The Scarcity of Beauty

Is scarcity inherent to product aesthetics or is beauty in the eye of the beholder?

La escasez de la belleza

Companies like Tesla or Apple invest considerable resources into the aesthetics and design of their products. It is not only a matter of differentiation; beautiful products are perceived by consumers as harder to obtain and consequently scarcer than their less attractive counterparts. Because of its scarcity, product aesthetics can mobilize the effort to acquire beautiful products –perhaps similar to physical attractiveness, which represents a scarce commodity due to genetic differences.

Work conducted with colleagues Freeman Wu (Vanderbilt University), Gratiana Pol (Hyperthesis LLC) and C. Whan Park (University of Southern California) examines how the association between aesthetics and scarcity can impact consumer behavior. The results of this research were published in the article “The scarcity of beauty: how and why product aesthetics mobilize consumer acquisition effort” (Journal of the Academy of Marketing Science, 2022). Previously, a pilot study found that the more beautiful a product was considered to be, the greater was its perceived scarcity.

This research is aimed to understand how and to what extent consumers are motivated to acquire beautiful products and why consumers might be motivated to pursue aesthetically appealing products in the first place.

The relationship between aesthetics and scarcity

Unlike prior literature on scarcity, that identified consumer reactions that are precise and quantifiable, this research focused on beauty, a resource that is neither precise or quantifiable, demonstrating that it can naturally elicit perceptions of scarcity. In fact, part of the allure of beauty stems from its perceived scarcity, as the positive impact of beauty on acquisition effort is reduced when it is thought to be abundant in supply.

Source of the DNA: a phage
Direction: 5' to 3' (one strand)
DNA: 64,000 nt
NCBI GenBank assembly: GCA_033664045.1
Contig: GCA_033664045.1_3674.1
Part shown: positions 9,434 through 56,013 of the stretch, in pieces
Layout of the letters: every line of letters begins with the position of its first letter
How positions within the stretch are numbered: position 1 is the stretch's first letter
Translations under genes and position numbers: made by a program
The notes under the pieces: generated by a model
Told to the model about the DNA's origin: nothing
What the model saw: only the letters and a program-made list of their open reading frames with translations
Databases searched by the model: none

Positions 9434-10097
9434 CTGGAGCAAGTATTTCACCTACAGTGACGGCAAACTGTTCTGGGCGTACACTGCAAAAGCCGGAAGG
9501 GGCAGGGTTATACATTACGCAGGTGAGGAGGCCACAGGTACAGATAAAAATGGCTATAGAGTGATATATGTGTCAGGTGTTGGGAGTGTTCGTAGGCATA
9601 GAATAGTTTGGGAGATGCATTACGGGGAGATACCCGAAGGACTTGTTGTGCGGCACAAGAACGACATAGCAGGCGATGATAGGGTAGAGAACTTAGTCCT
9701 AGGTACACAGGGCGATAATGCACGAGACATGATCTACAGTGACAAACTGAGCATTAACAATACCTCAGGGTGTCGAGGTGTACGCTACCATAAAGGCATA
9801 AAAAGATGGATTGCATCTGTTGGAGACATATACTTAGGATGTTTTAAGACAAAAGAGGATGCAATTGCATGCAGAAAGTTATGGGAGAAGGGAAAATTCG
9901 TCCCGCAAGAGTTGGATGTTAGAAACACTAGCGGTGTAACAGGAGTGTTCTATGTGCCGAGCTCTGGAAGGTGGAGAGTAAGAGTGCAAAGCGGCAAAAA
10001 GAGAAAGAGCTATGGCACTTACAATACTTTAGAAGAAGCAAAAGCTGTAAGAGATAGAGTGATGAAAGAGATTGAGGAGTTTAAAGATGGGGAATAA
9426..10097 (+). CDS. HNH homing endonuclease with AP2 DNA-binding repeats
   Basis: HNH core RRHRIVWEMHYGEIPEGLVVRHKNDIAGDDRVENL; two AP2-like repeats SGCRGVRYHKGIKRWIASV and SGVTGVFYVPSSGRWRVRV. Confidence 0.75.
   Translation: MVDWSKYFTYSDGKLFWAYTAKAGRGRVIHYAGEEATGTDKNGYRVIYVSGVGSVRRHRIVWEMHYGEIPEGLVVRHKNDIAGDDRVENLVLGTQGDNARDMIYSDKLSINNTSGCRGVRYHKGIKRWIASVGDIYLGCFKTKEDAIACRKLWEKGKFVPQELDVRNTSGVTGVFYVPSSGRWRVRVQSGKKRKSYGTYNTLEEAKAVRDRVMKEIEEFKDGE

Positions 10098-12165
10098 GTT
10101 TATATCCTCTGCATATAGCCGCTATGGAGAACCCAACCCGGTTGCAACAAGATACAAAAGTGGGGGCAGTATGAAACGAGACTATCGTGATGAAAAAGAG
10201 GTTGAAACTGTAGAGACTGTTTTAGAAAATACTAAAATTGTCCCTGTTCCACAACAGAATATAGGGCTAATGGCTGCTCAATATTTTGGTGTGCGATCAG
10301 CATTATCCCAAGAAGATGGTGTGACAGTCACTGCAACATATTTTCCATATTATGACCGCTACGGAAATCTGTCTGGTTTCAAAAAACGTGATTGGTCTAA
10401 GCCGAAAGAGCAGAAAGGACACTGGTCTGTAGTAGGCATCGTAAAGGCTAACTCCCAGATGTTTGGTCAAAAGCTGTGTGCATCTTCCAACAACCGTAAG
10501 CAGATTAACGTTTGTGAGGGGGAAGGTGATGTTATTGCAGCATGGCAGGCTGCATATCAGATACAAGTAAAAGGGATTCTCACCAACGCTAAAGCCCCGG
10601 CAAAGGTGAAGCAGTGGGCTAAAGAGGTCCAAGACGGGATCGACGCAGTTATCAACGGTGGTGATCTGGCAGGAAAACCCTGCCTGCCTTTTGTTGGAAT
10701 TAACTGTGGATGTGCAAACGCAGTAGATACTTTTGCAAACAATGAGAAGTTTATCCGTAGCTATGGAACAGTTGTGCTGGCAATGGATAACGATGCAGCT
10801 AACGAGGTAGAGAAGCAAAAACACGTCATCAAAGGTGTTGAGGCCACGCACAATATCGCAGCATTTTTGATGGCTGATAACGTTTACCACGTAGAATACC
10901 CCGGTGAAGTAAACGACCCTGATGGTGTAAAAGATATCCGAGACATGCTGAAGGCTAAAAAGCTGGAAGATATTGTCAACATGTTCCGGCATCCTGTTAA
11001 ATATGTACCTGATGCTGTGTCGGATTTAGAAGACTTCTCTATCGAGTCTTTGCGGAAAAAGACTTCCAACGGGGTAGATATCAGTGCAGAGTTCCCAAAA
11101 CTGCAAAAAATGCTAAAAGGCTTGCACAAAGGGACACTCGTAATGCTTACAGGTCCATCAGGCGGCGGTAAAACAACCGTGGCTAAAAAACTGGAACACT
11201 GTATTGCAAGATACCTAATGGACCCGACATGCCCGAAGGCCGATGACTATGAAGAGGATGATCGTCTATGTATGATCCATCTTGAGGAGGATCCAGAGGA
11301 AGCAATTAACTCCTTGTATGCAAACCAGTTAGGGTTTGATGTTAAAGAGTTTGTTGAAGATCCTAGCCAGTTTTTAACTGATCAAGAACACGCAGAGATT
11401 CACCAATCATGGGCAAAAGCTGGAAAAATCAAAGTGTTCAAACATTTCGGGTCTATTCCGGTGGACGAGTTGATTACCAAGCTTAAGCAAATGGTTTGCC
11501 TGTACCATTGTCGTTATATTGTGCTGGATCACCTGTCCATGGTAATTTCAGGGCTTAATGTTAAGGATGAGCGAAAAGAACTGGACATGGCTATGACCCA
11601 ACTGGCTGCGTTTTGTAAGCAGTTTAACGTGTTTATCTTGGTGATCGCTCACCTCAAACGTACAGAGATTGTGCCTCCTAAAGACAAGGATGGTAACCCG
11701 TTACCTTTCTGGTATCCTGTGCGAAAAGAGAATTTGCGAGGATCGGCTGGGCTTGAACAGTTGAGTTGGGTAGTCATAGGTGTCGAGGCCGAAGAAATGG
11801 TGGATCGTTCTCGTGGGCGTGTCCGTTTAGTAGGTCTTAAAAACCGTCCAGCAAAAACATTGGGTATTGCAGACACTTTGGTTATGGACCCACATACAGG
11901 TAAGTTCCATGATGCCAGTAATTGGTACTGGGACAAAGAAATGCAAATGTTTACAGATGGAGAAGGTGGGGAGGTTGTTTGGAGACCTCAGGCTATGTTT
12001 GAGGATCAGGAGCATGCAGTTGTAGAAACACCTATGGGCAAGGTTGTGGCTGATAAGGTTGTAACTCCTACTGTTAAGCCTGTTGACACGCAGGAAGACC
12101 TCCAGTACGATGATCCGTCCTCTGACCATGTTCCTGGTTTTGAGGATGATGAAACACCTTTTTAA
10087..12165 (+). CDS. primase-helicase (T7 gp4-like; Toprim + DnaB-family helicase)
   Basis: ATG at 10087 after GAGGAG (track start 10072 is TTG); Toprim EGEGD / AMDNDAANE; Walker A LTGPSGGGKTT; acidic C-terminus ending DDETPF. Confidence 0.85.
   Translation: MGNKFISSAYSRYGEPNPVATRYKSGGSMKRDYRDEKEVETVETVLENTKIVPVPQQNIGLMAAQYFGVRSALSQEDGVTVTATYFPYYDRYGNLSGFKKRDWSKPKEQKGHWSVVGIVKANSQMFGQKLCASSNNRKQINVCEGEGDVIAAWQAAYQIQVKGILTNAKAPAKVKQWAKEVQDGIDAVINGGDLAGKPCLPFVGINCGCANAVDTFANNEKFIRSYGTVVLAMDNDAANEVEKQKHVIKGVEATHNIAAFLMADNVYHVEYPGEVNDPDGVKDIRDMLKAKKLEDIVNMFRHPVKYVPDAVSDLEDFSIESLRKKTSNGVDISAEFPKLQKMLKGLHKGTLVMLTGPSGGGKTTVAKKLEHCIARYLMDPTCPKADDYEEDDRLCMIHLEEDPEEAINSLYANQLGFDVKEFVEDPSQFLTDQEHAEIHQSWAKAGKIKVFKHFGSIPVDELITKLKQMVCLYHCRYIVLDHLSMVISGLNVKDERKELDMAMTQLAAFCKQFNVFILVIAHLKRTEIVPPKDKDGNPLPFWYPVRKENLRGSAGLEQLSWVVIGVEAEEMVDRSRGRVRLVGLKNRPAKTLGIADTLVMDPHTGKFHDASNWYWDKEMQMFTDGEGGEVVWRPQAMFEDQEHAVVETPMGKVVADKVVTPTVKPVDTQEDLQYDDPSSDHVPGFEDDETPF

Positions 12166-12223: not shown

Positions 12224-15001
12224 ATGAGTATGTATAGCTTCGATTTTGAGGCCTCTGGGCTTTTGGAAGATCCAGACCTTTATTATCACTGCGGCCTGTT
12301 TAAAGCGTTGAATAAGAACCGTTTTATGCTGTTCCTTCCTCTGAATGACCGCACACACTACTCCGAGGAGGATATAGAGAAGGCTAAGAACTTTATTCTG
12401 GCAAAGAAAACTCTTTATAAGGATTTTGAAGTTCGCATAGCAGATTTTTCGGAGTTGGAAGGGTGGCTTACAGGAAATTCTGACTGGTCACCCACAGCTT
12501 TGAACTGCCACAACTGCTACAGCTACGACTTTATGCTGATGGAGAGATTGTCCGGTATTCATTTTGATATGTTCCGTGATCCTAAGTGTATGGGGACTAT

The link between aesthetics and acquisition effort

This research shows that consumers are willing to invest more effort —whether through time, money, physical energy, or other forms of consumer engagement— to acquire beautiful products. It also demonstrates that the relationship between aesthetics and effort is not limited to the production process, so that beautiful products elicit greater perceptions of effort in their creation. But this effort can be observed among consumers themselves in their pursuit of beauty.

The mediating roles of anticipated ownership pride and instantaneous desire

The authors also identify two affective mechanisms that underlie the relationship between aesthetics and acquisition effort: anticipated ownership pride and instantaneous desire. Pride often motivates the exertion of effort to enhance one’s social value and is associated with a sense of achievement. At the same time, desire is a powerful motivating force in pursuing consumer goals. Both pride and desire intensify when there is scarcity. In this sense, they propose that anticipated ownership and instantaneous desire both represent discreet, positive emotional-motivational state that occur in response to aesthetic stimuli.

There are some limitations to this research. Is beauty truly scarce, or does it lie in the eye of the beholder and is thus potentially abundant? Can any object be perceived as beautiful —and by extension, scarce—depending on the viewer? While beauty may be subject to individual, social, and cultural variation, the authors argue that there are certain universal aesthetic principles upon which most viewers agree, including unity and prototypicality, certain color combinations, and interstitial space. Because finding the ideal combination of their aesthetic elements is a difficult balancing act for product designers, true beauty is hard to achieve and, thus, not common.

The author is Distinguished Visiting Professor in Consumer Behavior at EGADE Business School and Tec's Undergraduate Business School.

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